Take an older Canon EOS 40D, take some pictures with a small aperture and bright sky in the background… and then find out that the sensor is obviously forcible dusty. A testshot confirms that…
Note: The test pictures where edited, so the the spots caused by dust particles are better visible.
Although the EOS 40D provides a sensor cleaning function – persistant dust particles seem not to care about. Even multiple repetitions of the cleaning function and air-cleaning the camera with activate manual sensor cleaning mode did not change anything.
The usual course of action in such cases is either a repair shop where the camera gets checked and cleaned for a certain payment or self-help using “cleaning swabs” – thin sticks with cleaning cloths at the end, which you swipe over the sensor to remove dust particles. The cheaper alternative are cotton swabs and isopropyl alcohol. The method with the wet cleaning may work in ideal cases – but sometimes streaks remain afterwards and dust is often just moved to the side and does not get removed.
A quite better result can be achieved with an unusual variant: Sensorfilm, emanated from “Discofilm” which was originally developed to clean record discs. Sensorfilm is a honey like liquid which is water soluble and free of aggressive chemicals. It can be applied easily on the filter glass in front of the sensor using a small brush. After a couple of hours the liquid dries and creates a solid film which encloses all dust particles on the surface and gets pulled off in one piece.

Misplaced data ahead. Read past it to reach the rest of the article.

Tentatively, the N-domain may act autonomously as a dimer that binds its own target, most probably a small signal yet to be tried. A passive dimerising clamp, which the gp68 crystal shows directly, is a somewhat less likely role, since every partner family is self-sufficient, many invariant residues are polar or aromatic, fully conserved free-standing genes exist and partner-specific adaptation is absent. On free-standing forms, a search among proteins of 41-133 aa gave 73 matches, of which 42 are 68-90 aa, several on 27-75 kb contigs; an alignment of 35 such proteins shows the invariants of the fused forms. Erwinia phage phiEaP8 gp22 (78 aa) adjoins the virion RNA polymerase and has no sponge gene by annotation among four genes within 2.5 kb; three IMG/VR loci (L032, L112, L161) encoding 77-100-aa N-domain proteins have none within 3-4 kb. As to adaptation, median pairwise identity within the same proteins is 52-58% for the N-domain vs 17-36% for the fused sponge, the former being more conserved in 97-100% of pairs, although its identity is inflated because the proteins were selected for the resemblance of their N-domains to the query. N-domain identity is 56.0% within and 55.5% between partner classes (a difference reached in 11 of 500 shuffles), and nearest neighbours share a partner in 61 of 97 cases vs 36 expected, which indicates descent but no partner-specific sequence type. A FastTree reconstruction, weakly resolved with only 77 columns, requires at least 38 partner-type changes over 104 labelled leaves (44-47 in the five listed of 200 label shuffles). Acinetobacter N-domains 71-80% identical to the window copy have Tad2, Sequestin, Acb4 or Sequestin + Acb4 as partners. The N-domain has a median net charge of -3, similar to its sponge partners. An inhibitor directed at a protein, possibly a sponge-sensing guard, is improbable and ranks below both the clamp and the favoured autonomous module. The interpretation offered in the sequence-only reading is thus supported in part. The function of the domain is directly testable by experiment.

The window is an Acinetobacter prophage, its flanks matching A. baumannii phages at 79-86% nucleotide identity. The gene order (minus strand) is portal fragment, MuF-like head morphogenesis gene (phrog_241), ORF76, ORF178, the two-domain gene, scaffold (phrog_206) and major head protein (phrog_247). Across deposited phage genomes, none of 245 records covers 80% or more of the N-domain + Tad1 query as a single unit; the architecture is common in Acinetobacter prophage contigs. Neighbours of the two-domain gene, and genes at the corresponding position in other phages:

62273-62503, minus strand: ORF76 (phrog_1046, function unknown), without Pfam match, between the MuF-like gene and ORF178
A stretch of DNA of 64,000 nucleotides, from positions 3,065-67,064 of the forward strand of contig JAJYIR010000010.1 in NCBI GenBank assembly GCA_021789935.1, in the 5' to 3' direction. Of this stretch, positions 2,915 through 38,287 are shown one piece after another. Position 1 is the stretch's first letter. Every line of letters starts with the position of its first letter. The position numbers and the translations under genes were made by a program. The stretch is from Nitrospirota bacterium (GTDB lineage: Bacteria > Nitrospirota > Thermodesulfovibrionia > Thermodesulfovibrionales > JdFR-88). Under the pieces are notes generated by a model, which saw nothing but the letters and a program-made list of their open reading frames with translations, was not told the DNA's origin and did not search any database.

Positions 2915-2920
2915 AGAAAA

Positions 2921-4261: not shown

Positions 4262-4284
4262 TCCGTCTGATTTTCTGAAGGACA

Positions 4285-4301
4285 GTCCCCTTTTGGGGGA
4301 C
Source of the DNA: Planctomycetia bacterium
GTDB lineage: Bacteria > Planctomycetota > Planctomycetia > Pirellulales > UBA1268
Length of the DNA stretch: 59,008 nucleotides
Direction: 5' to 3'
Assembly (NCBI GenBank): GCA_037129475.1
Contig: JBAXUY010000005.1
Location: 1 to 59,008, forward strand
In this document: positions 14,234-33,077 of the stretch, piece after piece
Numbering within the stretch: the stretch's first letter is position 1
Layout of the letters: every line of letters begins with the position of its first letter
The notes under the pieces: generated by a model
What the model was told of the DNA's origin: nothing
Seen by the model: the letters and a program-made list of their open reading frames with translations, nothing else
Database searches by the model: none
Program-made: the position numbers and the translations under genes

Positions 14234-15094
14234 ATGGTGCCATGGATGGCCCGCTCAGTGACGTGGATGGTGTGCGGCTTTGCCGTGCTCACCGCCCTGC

I don’t have any commercial connection to the supplier and I also don’t get money for promotion. This is just a report of my own experiences.
Usage of „Sensorfilm“
Very imporant: Use at your own risk! I don’t take any responsibility for damages which might happen when copying the procedure on your own. Use a fully charged battery or an external power supply! The shutter has to be kept open for several hours – if it closes prematurely due to missing power while you apply the film or the latch, the result will most likely be a damaged shutter which has to be repaired for a lot of money!
On Youtube you will also find a video which shows the whole procedure – coincidental also on an EOS 40D:
Bevor applying the film: Check the battery charge, remove the eyecup, prepare everything needed (Sensorfilm, brush, paper and sissors for the latch, tweezers to pull the film off).
When applying the film you should take care to leave a small gap to the frame, so the film can be pulled of easily and does not get between the filter glass and the frame. After applying the film let it dry for about two hours in which the camera has to be absolutely flat (without eyecup on the display) so the film does not flow to the frame. The bayonet will be covered with just a sheet of paper.
When the film has dried you now mount the latch to pull it off. For this cut a small stripe of paper – about 17 mm long and about 4-5 mm wide. On one end fold the paper at an angle of 45 degrees so there is a slanted edge. On this “dog-ear” you now apply a small amount of Sensorfilm using the brush and then glue the paper stripe at one corner. Now let this dry for about another 30 minutes and afterwards remove the film by pulling it on the paper latch using the tweezers. Unfortunately some of the following pictures are not very sharp – but you should anway see how the dust particles get enclosed in the film – the small “bubbles” are the enclosed particles. You can click any of the pictures to get a larger view.
Unfortunately my first try to pull the film off did not work – the paper latch was ripped off. The second try worked straightaway. My fault was to apply too much Sensorfilm to the paper so it was not completely dry when I pulled the latch.
The dried film is quite solid, takes any dust particle with it and the result is quite worth the effort.
Further information and source of supply see http://www.sensor-film.com.